Was Analytics Google’s REAL Social Media Missing Link?
With today’s announcement of social media integration into Google Analytics we may now have a vision into one way that Google could put a hurt on the likes of Facebook and Twitter without having to be a social media giant. You see, the world of social media is a lot of hype and promotion. However, the industry gets painfully clumsy when talk of measuring success and failure comes around the table. With this product introduction, Google could hold an important key for marketers. As a result maybe, just maybe, marketers will be looking more closely at more social media channels (including one Google+ ;-)) and see the value of being in even more places. The Google Analytics blog tells us
…. as the social industry matures, marketers and web analysts need true outcome-oriented reports. After all, although social is growing in popularity, brand websites – not social networks – remain the place where people most often purchase or convert.
That’s why we’re releasing a new set of Social reports within Google Analytics. The new reports bridge the gap between social media and the business metrics you care about – allowing you to better measure the full value of the social channel for your business. We wanted to help you with 3 things:
-Identify the full value of traffic coming from social sites and measure how they lead to direct conversions or assist in future conversions
-Understand social activities happening both on and off of your site to help you optimize user engagement and increase social key performance indicators (KPIs)
-Make better, more efficient data-driven decisions in your social media marketing programs
I think by now you get the idea that you can find plenty of deep dive blog posts for report details around the industry blogs. That’s not necessarily where we play so I do invite you to “get into the weeds” with various reports like the Overview, Social Sources and the Activity Stream. All very cool things for sure and ones that will be jumped into with gusto by marketers who are starving for this kind of data.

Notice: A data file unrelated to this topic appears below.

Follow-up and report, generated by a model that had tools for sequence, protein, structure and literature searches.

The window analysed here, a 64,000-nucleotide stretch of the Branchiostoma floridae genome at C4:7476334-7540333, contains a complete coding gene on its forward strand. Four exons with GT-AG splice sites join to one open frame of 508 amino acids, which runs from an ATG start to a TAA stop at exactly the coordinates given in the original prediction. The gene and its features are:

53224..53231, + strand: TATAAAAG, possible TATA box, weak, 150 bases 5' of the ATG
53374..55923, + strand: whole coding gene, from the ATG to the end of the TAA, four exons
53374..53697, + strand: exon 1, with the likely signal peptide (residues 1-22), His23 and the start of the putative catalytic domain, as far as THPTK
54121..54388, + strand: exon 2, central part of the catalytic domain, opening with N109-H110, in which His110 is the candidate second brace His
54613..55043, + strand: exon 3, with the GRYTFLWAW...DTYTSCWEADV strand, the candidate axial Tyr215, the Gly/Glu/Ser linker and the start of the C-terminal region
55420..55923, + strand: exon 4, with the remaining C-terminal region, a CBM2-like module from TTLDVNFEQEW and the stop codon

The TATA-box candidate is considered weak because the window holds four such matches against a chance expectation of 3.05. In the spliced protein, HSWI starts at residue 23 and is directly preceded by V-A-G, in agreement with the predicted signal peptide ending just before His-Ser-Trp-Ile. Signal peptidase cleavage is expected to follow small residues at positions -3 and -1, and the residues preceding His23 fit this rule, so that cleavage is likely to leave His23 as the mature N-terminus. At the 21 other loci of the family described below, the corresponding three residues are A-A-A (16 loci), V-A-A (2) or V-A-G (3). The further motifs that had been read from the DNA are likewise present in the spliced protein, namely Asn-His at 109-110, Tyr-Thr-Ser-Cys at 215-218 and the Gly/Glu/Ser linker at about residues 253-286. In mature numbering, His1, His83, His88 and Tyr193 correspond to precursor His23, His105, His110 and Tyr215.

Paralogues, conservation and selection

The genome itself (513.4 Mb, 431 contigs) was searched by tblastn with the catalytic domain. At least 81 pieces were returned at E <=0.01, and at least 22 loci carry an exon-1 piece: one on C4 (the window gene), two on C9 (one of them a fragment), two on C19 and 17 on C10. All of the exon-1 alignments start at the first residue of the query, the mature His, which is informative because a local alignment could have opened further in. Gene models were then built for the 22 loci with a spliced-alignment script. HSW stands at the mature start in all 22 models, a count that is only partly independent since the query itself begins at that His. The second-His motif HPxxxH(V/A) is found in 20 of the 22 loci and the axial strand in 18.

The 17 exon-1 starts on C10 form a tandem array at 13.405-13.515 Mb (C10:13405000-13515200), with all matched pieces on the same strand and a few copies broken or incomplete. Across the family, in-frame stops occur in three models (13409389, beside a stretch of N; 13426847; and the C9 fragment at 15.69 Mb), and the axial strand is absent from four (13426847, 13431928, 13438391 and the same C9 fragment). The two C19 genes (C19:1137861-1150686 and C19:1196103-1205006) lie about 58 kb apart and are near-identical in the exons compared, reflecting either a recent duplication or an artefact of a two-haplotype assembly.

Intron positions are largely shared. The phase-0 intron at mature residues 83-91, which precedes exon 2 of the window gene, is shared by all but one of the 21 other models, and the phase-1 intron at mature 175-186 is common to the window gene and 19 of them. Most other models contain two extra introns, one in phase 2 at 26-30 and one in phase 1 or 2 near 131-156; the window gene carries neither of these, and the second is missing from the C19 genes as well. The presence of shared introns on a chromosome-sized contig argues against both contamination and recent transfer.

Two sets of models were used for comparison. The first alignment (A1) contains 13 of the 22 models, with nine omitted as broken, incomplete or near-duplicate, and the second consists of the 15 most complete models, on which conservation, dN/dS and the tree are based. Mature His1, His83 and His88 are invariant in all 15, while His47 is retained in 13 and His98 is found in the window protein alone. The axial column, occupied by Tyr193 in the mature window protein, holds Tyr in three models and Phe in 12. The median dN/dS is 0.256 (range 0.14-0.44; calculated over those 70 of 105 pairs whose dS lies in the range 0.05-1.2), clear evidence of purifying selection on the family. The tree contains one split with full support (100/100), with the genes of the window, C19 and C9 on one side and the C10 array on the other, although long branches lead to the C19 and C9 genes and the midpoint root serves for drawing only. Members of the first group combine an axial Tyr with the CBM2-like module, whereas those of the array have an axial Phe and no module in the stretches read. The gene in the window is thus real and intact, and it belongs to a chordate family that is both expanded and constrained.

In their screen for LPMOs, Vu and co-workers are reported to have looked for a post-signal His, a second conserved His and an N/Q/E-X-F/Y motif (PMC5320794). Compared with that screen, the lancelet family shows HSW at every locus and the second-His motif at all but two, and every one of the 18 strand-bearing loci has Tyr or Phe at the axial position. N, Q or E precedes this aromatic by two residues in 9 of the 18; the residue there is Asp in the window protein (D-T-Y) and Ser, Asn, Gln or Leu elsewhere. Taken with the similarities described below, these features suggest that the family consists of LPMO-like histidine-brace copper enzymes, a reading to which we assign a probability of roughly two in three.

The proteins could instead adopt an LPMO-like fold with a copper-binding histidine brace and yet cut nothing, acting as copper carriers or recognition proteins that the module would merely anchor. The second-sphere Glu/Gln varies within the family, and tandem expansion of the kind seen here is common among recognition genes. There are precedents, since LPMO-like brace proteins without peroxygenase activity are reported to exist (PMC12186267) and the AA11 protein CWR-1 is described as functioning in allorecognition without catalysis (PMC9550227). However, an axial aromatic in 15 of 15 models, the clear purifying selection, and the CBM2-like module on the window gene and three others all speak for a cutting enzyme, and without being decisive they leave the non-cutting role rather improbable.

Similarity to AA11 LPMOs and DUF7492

What strikes me about this entire thing is the list of Social Data Hub partners that is included in the Google Analytics offering that allows for further examination of social media impact with partner social outlets that include Blogger, Delicious, reddit, Google+, Read It Later, Disqus and about 15 more. Missing from that list, however, are Facebook, Twitter and LinkedIn.
So is this important? I believe so. If marketers will have a chance to find out more information about how certain social channels contribute to true KPI’s (like revenue and anything that drives it) they may start to pay more attention to these channels. Will that mean they will ignore Facebook, Twitter and LinkedIn? Of course not! That’s crazy talk.
It could, however, help to shift their mindset away from the Big 3 a little bit more and help them discover ways to reach better sources of more measurable, and possibly more passionate, consumers. And it doesn’t hurt the folks in Mountain View that marketers can now see Google+ impact more directly either. With these reports available, Google may get brands to promote a Google+ presence more which, in turn, could bring more people to the social network thus growing numbers in ways that are impactful (ie more than just Internet industry insiders) rather than just for hype. Imagine if WalMart wanted to see the impact on sales of smaller outlets and started to say “Join Us on Google+” in their ads? Do you think John Q. Public might start to take a look? It makes sense if you think about it.
While the ability to measure the impact of social media more precisely is indeed big news, the bigger story could be that Google has truly capitalized on what it does best: make sense of a lot of information. Let’s face it, even if Google hired the top social media minds the market’s preconceived notion of Google and social is that they are not in the same room together. Maybe Google has recognized that rather than fight that battle they can flank their social adversaries by doing what they do best rather than doing what they aren’t so great at.
What’s your take on this offering? Are you excited? Would you like to see more insight into other smaller (and possibly more manageable and profitable) social options? These are interesting times we live in, aren’t they?
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